Jonathan Kerr, Surrey, UK

People cannot be expected to make properly informed choices without all the facts

Simon Turner, UK
At the age of sixteen - nineteen years ago - I was subjected to the sort of 'shock tactics' Herefordshire police are proposing. Bedfordshire police drug squad visited my school and showed a film that included the post-mortem of an addict. I have no doubt that this had a lasting and positive effect on my attitude to drugs.

I was subsequently in very close proximity to drugs, drug taking and addicts; this gave me a very good understanding of the ups and downs of drugs, no pun intended. I resisted the temptation to experiment and at least two people known to me at the time have subsequently died of overdoses. While drug taking is a complex issue and includes everything from a pint in the pub after work to full-blown heroin addiction people cannot be expected to make properly informed choices without all the facts. My sympathies to Mr and Mrs Holcroft.
Simon Turner, UK

I am always amazed at a "drugs can kill debate" that fails to mention that alcohol will kill far more people than illegal drugs. Would a picture of an alcohol related death on the front page of a newspaper have generated as much publicity? I doubt it and I find that more distressing than today's pictures.
Michael Ohl, England

If the shock factor in these pictures saves one person, they have to be a good thing.
Nick Warde, UK

This will achieve nothing

Rob, UK
We've all seen the ads about drink-driving, yet it still goes on. This will achieve nothing, except to make the newspapers that publish the pictures seem caring and moral - which they are not.
Rob, UK

Excellent idea, the parents of Rachel surely deserve an honorary award. The morally bankrupt media and celebrity world have made it cool to take drugs in recent times. Anything to counteract this false propaganda must be commended.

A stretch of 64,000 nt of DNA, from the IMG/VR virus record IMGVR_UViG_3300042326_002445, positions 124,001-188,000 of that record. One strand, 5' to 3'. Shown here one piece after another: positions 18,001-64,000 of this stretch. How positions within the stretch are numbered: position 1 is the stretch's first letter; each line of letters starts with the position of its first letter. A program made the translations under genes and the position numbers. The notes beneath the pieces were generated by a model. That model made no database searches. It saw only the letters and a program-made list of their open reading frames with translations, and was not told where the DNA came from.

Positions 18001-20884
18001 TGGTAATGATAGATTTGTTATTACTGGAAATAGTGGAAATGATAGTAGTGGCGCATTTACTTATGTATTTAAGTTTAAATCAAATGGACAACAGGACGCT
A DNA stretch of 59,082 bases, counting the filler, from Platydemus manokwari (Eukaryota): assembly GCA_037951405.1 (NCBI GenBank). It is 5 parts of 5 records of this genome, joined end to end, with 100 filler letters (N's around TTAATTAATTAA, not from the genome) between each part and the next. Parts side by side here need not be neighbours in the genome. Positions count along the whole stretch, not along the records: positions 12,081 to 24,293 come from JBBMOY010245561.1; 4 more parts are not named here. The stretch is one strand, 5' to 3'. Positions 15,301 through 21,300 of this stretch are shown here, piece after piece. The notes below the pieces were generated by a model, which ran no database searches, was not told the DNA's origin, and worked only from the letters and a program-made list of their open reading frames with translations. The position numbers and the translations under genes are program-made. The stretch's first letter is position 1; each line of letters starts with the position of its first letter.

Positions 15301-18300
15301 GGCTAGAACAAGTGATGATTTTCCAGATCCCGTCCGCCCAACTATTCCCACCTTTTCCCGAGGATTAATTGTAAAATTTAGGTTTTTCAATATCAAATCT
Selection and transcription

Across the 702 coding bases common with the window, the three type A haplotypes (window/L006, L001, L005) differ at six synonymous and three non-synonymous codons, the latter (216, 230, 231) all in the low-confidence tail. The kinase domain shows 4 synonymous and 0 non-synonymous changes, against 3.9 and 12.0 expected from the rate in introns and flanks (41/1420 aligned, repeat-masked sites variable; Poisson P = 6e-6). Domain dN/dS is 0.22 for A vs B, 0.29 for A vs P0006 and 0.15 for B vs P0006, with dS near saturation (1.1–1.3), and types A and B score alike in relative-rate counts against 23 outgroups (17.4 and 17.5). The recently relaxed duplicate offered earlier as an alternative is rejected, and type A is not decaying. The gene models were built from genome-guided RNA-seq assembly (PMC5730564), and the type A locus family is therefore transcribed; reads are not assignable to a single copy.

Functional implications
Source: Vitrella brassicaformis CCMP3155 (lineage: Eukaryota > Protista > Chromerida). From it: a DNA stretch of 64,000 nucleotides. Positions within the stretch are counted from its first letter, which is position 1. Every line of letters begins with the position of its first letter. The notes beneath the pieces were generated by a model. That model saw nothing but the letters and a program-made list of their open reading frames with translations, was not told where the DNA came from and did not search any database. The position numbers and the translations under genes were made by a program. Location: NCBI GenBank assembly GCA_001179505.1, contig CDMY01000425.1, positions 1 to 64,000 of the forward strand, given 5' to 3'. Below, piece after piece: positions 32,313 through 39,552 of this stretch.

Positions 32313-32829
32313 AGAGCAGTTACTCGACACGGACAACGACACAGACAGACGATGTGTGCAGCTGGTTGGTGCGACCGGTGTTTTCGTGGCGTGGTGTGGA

Shak, UK

You can show images to children and young adults but unless you can link this to their real world it will make little difference, it just falls into the pile or other media images, films etc that they see every day. By stopping the growth of these drugs is the only way to stop usage and wasteful deaths such as Rachael's.
Mark Wood, UK

Shocking images like this only serve to obscure the need for a proper grown-up debate about the use of all recreational drugs in our society

Simon, UK
Many people have commented that if these pictures help to deter one young person from using drugs, then that justifies their use. I don't agree. Shocking images like this only serve to obscure the need for a proper grown-up debate about the use of all recreational drugs in our society, both legal and illegal. Simply telling people that if they use drugs, they will end up like this just does not work, and it saves the powers that be from having to deal with the awkward fact that there are a lot of happy, healthy drug users in this country who are understandably sceptical when force-fed anti-drugs propaganda. By the way, I do not use illegal drugs.
Simon, UK

Rachael Whitear's parents are to be commended for their efforts. Unfortunately, most young people have no sense of their own mortality - they think death is something that only happens to other people, and it's impossible to get past this illusion.
Michael Entill, UK

Speaking as someone with a first hand experience of the hell that is created by heroin, I would like to commend Mr & Mrs Holcroft for their bravery.